With eyes closed in peace, Niya enjoys the winds whistling through the sloping hills of Rebun Island. In synchronicity, he plucks the shamisen he’s expertly cradling, bringing life to the beat of his soul. Niya fell in love with Tsugaru shamisen as a young boy in Yagishiri. Buoyed by his passion for his craft, the young musician left his home in the
remote island of Teuri to build a career in the big city of Sapporo. This hero’s journey parallels the humble beginnings of Tsugaru shamisen. Its rise to acceptance was an uphill struggle. The first performers of this intricate art were blind
men who went door-to-door playing their music, hoping for charity. Despite being shunned for ‘begging’, the first players persisted and passed the art on to blind children. It was these challenging times that became the crucible that shaped the unique texture and sound of Tsugaru shamisen. Now known as the ‘jazz of Japan’, it requires creative
improvisation—the true mark of a talented musician.
MARCH TO HER OWN BEAT
The staccato beat thumped, thumped, thumped in the courtyard as a group of senior students performed in front of their middle school audience. The crowd cheered and clapped,
and the trajectory of a young girl’s life was set. Yayoi spent the walk home thinking about the performance—the look, the feel,
the sound that reverberated on the pavements of Osaka. The desire to become a professional dancer did not fare well with her parents, however, so Yayoi attended lessons in secret. And, as if living out a teen dance movie, Yayoi snagged a spot in
all-girl idol group, Rhythmic, after eclipsing dozens of other performers in Tokyo. With her burgeoning career in the big city, Yayoi will often seek solace in Chiba to reconnect with simpler roots. Here in this quiet space, unadorned by the bells and whistles of the high life, is where Yayoi rediscovered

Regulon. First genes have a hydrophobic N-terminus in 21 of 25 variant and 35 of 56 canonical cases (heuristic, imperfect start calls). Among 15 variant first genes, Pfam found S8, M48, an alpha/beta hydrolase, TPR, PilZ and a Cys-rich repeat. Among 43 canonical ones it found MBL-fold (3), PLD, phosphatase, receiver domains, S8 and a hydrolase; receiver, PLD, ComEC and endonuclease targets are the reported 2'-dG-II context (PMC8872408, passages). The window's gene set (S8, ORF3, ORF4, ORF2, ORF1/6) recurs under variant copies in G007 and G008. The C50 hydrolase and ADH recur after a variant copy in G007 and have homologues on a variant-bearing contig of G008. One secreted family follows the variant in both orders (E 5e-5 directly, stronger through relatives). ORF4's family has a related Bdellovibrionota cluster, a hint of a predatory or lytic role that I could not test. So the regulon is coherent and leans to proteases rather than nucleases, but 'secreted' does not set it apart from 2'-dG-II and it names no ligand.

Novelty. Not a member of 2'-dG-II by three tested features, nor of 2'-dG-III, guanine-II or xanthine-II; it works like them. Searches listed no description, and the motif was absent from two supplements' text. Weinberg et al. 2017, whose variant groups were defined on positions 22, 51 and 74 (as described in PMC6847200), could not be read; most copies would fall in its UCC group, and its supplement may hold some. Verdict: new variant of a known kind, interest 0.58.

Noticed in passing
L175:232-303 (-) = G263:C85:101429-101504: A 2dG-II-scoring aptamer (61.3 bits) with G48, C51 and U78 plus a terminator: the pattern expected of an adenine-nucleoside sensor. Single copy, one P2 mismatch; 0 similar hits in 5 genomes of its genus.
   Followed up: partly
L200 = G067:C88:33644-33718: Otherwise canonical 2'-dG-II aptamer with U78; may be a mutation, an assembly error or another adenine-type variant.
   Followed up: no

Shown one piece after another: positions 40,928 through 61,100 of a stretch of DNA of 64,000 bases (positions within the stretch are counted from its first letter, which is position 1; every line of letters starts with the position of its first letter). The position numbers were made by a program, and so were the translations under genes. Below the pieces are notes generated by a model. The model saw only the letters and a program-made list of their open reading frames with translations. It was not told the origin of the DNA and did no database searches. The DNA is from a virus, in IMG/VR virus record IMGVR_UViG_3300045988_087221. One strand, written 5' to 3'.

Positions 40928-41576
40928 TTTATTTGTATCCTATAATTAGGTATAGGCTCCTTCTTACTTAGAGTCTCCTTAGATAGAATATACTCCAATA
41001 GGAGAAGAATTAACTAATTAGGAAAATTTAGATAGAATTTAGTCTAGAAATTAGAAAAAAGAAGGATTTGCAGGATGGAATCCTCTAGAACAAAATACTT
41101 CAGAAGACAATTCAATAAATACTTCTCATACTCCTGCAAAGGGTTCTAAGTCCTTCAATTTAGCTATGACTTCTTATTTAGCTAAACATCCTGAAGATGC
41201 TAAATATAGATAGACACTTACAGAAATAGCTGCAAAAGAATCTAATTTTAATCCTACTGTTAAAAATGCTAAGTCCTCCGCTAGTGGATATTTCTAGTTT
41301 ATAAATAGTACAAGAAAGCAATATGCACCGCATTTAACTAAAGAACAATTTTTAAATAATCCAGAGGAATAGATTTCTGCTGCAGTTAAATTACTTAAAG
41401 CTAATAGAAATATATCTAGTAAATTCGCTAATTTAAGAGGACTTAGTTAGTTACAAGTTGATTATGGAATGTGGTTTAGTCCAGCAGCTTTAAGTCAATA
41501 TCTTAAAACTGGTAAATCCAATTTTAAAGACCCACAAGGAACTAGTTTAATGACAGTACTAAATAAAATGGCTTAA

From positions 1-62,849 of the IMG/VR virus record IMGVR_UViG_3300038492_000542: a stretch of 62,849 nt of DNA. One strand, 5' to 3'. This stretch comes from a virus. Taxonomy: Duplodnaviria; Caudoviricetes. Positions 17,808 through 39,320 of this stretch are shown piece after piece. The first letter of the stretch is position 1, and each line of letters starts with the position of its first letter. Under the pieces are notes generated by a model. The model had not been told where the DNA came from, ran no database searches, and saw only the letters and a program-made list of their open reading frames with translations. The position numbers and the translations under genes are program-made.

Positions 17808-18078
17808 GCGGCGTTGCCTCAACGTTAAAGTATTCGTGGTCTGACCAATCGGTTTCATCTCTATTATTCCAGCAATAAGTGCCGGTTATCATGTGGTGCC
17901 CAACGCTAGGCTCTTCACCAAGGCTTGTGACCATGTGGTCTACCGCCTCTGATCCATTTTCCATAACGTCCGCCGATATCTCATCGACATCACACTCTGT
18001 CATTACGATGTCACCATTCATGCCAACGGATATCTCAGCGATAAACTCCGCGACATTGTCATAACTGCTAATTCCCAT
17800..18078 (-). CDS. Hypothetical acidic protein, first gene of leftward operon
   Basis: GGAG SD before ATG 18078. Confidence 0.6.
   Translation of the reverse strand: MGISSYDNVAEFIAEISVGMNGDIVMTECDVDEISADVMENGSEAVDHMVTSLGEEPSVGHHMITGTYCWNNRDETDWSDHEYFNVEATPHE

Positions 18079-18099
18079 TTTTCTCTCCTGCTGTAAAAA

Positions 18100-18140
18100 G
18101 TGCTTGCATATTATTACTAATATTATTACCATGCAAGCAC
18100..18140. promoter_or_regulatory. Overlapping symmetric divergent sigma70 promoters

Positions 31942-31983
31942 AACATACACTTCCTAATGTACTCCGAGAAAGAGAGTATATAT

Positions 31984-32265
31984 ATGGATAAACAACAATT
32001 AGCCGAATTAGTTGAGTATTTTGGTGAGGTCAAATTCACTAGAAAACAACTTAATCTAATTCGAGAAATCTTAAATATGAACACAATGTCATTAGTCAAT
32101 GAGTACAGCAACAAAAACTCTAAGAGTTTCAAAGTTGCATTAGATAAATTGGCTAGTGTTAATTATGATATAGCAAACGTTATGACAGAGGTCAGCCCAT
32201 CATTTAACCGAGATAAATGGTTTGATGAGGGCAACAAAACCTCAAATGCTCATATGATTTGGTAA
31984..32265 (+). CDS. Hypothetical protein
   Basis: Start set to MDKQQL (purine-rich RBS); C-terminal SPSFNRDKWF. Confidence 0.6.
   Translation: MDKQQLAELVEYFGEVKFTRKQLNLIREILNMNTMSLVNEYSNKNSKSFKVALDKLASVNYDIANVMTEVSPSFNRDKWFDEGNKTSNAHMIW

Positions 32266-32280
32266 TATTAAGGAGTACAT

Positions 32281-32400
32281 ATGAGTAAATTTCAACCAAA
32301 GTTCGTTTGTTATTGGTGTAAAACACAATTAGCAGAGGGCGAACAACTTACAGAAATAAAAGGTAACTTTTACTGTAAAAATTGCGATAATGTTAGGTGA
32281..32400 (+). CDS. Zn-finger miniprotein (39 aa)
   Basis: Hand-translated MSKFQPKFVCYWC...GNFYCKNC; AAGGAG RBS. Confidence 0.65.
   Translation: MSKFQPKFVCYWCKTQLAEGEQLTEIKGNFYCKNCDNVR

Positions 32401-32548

herself. And it was here that she decided to pursue a solo career as an R&B artist. Yayoi’s sojourns to Chiba reconnected her to her first love—rhythm and blues. As she expands her musicality, she begins to grow her songwriting skills as well, bringing forth a new level of artistry in her career.
Niya envisions shamisen played in pop music just like other stringed instruments. He’s working on bringing out Tsugaru shamisen from behind the curtains of festivals and
special occasions and to the forefront of contemporary music. This dream may be seen as ambitious as conquering the peak of Mount Rishiri but Niya will persist. He is a believer of Japanese martial arts philosophy Shu Ha Ri, which, in concept translates to Pablo Picasso’s ‘Learn the rules like a pro so you can break them
like an artist’. And he intends to do just that.